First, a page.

During the production of the masterpiece of horror “The Exorcist,” director William Friedkin and screenwriter William Peter Blatty enjoyed having fun with the suits at Warner Brothers. At one point, the two were going to shoot a mock scene from the movie with Groucho Marx and send the footage to the executives.
“We always put them on,” said Friedkin. “They were always concerned that we were both crazy and would eventually implode the movie. We even staged blowups in front of them.”
The director recalled that one time the studio wanted the production moved from New York City and the Georgetown area of Washington, D.C., to the lot in Burbank. To save even more money, Warner’s wanted to nix the night shoots.
“I said no to everything,” noted Friedkin. “Why shoot day for night? Why don’t we just paint all the buildings black when we have to shoot night scenes, then it will look like night. I had just won the Academy Award [for “The French Connection”]. They looked at me like I was crazy. And then Blatty said ‘You know, Bill.”’
Both Friedkin and Blatty, who died last year, were crazy like foxes. “They never bothered us,” said Friedkin. “They never got near us. They saw the film when I had turned in the rough cut.”
“The Exorcist,” the first horror film to be nominated for a best picture Oscar, is being feted Monday by the Academy of Motion Picture Arts and Sciences with a 45th anniversary, sold-out screening at the Samuel Goldwyn Theater in Beverly Hills. Friedkin and star Ellen Burstyn will appear in conversation.
“The Exorcist” was an epic blockbuster that was nominated for 10 Oscars including best film, director, actress for Burstyn, supporting actress for Blair and supporting actor for Miller. The horror flick won for Blatty’s adapted screenplay and best sound.
The cutting-edge, pre-CGI visual and special effects, Dick Smith’s extraordinary makeup design, Mike Oldenfield’s spooky “Tubular Bells” music and Mercedes McCambridge’s terrifying voice of the demon brilliantly brought the scare to petrifying results.
Burstyn, who had just received acclaim for her work in Peter Bogdanovich’s 1971 “The Last Picture Show,” was not the first choice to play Chris.
Warner Brothers first wanted Audrey Hepburn. then Anne Bancroft and Jane Fonda. Hepburn ended up turning it down; Bancroft was pregnant and according to Friedkin, Fonda told him “Why would I want to be in a piece of capitalist bull….!”
During the casting process, Friedkin recalled Burstyn called him about the role.
Burstyn begs to differ.
“We have different memories about that,” she said. “I think the casting reps at Warner Brothers suggested me to him. They called me and wanted to have a meeting. I requested that it not be in the office but that he come to where I live because I find that office meetings are sometimes really stiff. He came to my house, and we had a lovely meeting.”
Burstyn and the rest of the cast and crew were very protective of Blair, who was just 12 and a newcomer to films. “She and I got along very well,” said Burstyn. “I was very maternal to her. She was such a lovely, young sweet innocent girl.”
The shoot was very difficult and went over schedule and budget because of other effects and, of course, the makeup.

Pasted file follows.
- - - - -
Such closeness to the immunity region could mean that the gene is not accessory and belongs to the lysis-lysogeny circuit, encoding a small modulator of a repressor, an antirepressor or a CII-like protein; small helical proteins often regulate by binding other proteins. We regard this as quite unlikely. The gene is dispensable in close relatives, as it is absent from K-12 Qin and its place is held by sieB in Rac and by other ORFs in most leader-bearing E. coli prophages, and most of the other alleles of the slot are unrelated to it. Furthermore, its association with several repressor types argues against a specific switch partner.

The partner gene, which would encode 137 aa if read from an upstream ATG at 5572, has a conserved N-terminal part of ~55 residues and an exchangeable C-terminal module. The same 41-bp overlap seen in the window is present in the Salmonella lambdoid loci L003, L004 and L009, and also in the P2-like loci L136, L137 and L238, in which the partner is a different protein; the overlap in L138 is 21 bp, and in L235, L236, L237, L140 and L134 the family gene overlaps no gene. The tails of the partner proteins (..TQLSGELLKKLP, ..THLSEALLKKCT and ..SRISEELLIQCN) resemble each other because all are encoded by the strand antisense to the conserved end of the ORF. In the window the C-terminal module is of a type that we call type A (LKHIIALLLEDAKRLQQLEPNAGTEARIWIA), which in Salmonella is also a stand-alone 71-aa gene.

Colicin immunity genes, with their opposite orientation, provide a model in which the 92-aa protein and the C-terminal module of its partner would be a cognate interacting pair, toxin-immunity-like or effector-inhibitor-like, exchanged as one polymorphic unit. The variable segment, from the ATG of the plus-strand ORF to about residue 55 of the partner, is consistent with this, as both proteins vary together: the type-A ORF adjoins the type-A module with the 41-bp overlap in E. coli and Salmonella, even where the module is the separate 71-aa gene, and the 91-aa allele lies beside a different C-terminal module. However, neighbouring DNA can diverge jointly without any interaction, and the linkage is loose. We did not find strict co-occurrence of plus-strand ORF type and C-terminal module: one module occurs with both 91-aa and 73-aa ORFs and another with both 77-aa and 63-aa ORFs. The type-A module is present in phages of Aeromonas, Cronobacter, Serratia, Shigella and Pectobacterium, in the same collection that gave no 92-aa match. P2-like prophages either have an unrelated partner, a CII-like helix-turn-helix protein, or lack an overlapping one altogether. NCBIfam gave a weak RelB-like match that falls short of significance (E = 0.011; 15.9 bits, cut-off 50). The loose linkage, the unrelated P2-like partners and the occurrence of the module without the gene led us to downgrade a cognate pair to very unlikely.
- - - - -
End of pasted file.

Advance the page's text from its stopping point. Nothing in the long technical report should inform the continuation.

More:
“The makeup had to be done fresh every day,” said Friedkin. Blair’s grisly demon and Sydow’s old-age makeup took some four hours every day to apply.
Then there was the fire that put the production behind several weeks. Here’s how the director recalls it: “One morning I got a phone call in the middle of shooting the exorcism scene, which was on an old soundstage on the west side called Manhattan Sound. I got a call at 4 a.m. from my production manager, and he said don’t bother to come to work this morning. The whole set burned down.”
The night watchman, who was outside the locked set doors where Regan’s bedroom was built, saw smoke come out under the door. “The watchman opened the door and the entire set was in flame. They never found out why this happened. We had to completely rebuild the set.”
The academy is screening Friedkin’s first version, which he cut and showed to Blatty in 1973. “I made that film for an audience of one — Bill Blatty. I wanted Bill to be happy with it. I showed him that cut, and he loved it.”
Then Friedkin showed it to then-WB studio chief John Calley, “whom I really trusted, who was the only guy I trusted at Warner Bros. He gave me some suggestions that I followed and took 12 minutes from what I had shown Blatty.”
Blatty wasn’t happy, telling Friedkin he had “taken out the heart of the film.” In 2000, Blatty called Friedkin and said, “Bill, would you at least look at the footage you cut out of the picture because if you like any of it and you put it back in, Warner’s will re-release it in theaters.”
That got his attention. “I brought Bill, who was living in Georgetown, out to Warner Brothers. We looked at the outtakes, and I really liked the stuff. I put it all back and we re-released it. Warner’s wanted to call it a director’s cut, and I said no way. And we agreed on “the version you’ve never seen.”’ (The Academy is showing this version for the Monday-night screening).
If you go
What: “The Exorcist”
Where: Samuel Goldwyn Theater, 8949 Wilshire Blvd., Beverly Hills
When: 7:30 p.m. Oct. 22
Tickets: The event is sold out but there will be a stand-by line that evening.